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Cutter
09-25-2005, 05:08 PM
I know this issue has been brought up a few times here in the past month or so. I wrote an article that summerizes the important points and posted it on my Web Publishing Blog today:

Worried about people stealing content from your websites? There is little need to be.

It only takes a little bit of effort to protect your website’s copyright from content thieves.

Here are two very good tools that you can use to locate and identify people copying your site’s content:

http://www.copyscape.com/
http://news.google.com/

With Google news you can subscribe to “news alerts” through either e-mail or an RSS feed. Just put in your website or company name and you will be immediately alerted when it is referenced in a news article (a great tool for public relations too!)

I’ve noticed that some content theives have been using Google News. Unlike Copyscape, Google News only returns results from “news” sites.

Don’t hesitate to register your website’s copyright at the US Copyright Office: http://www.copyright.gov/register/.

Even if you don’t register you still recieve copyright protection of your original work. However, if you do not register you are only entitled to actual damages done by the person who violated your copyright. Register and you may be able to recieve $150,000 or more in claims against the person.

When copyrighted content is discovered most owners simply take the “cease and desist” path. They send a message to the copyright violator and their webhost damanding the removal of the content. Depending on your legal and financial resources this isn’t your only option.

Additionally you can use the Digital Millenium Copyright Act — DMCA for short — to have the violator’s page removed from Google’s index. Read more about it here: http://www.google.com/dmca.html Make sure you do everything correctly; inproper use of the DMCA will backfire on you as recent case law has proven.

aj8
09-25-2005, 06:31 PM
Thanks - cool guide cutter. D'ya know if as a Brit I can register my sites for US copyright? Similar question with DMCA. I think the technical answer is "no", but I suspect Google might be helpful if approached in the correct way?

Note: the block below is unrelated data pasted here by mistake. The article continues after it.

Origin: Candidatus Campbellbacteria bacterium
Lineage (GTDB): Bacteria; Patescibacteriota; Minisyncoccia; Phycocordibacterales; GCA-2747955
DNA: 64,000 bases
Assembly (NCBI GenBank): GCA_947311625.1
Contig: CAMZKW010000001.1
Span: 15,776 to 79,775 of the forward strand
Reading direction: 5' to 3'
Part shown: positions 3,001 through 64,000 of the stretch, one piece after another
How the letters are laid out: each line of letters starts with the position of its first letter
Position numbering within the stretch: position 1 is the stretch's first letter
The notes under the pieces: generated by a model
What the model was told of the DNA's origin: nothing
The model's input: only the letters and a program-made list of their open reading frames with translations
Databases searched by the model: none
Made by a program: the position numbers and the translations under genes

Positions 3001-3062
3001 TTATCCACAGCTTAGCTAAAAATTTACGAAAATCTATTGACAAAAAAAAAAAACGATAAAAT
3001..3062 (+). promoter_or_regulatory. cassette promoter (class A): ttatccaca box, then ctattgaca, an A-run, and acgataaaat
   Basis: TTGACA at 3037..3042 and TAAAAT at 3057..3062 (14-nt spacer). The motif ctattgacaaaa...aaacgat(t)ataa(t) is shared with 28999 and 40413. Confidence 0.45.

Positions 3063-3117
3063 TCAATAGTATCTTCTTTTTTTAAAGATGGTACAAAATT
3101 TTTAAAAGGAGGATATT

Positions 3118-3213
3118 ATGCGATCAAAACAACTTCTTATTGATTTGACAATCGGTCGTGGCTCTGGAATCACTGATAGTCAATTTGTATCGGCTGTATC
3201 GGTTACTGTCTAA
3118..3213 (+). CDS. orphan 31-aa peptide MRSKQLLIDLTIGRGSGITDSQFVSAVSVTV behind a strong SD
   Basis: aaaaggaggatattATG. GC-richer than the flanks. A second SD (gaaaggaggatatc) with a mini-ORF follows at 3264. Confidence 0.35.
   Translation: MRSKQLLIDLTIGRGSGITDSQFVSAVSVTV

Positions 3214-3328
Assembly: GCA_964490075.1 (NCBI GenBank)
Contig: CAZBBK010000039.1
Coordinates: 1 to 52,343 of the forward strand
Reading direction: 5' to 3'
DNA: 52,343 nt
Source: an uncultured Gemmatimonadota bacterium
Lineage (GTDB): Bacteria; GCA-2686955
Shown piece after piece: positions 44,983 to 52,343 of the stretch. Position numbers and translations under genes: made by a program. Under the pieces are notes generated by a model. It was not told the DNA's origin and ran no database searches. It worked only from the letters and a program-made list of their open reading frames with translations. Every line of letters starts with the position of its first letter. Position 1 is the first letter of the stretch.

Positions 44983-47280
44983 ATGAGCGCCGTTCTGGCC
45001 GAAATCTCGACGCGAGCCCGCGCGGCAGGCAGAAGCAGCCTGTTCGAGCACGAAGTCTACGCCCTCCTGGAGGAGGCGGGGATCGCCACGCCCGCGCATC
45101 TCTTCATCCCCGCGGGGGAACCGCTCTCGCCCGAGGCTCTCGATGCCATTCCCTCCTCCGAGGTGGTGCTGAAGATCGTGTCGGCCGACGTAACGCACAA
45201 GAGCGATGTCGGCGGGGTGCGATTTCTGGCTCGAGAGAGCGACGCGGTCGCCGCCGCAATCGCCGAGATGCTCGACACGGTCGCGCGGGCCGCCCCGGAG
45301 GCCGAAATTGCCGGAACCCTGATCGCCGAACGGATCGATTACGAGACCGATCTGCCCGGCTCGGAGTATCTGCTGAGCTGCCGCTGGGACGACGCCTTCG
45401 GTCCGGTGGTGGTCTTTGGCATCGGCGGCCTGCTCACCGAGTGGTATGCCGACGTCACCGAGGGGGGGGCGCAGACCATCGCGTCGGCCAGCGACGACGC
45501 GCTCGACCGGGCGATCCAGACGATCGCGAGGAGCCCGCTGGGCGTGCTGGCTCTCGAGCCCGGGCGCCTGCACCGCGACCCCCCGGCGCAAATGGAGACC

Cheers.

Cutter
09-25-2005, 07:09 PM
I'm not sure, I was actually wondering about that as I wrote it. I don't know a whole lot beyond US law.

I was looking here but I didn't see where to find register: http://www.patent.gov.uk/copy/index.htm

I don't know about the DMCA either. I believe there are some treaties in play.

I'll see if I can find more information about this..

aj8
09-26-2005, 04:22 AM
In the UK there is no 'registry' for copyright. It is automatically assumed at point of creation by the author. Obviously this makes it difficult to defend and some might argue easier to copy. But there have been court cases between publishers/authors etc in the past, so I guess the system *kind of* works.

There are of course trademarks and patents, but these are niches of the copyright spectrum, aimed at prevention of 'passing off' and giving a legalised 'monopoly' over a design or idea for a limited time to its inventor (respectively). I don't see either being particularly useful in a plain "he copied my site" type case.

All very interesting and complicated.

Blue Cat Buxton
09-26-2005, 06:57 AM
To add further complexity if the site is hosted on a server located in the US, but the content is owned by a UK entity, where does jurastiction lie?

Chris
09-26-2005, 07:00 AM
It really depends on where the copyright is registered created at. If the copyright owner is the US they can sue you in US court no matter where you live. If they win they can go after any assets you have that are under US control, that could include your domain name, bank accounts, etc. If the US has treaties for this sort of thing with the country you live in then they could go after your assets in your own country.

Sojan80
10-14-2005, 11:35 AM
My question then would be why can't you, or how do you get international copyright for your original content? If you look in the credits of movies and such, and with books they have something to the effect of "This work is covered under the International Copyright...." so why wouldn't this then work for original website content?

Chris
10-14-2005, 12:32 PM
It depends on treaties. There is no such thing as universal copyright or international copyright.

Your best bet: follow the laws of the country you live in.

Cutter
10-14-2005, 04:34 PM
There are international copyright treaties that countries have signed. As far as I know, every country has signed these treaties now -- although this wasn't always the case.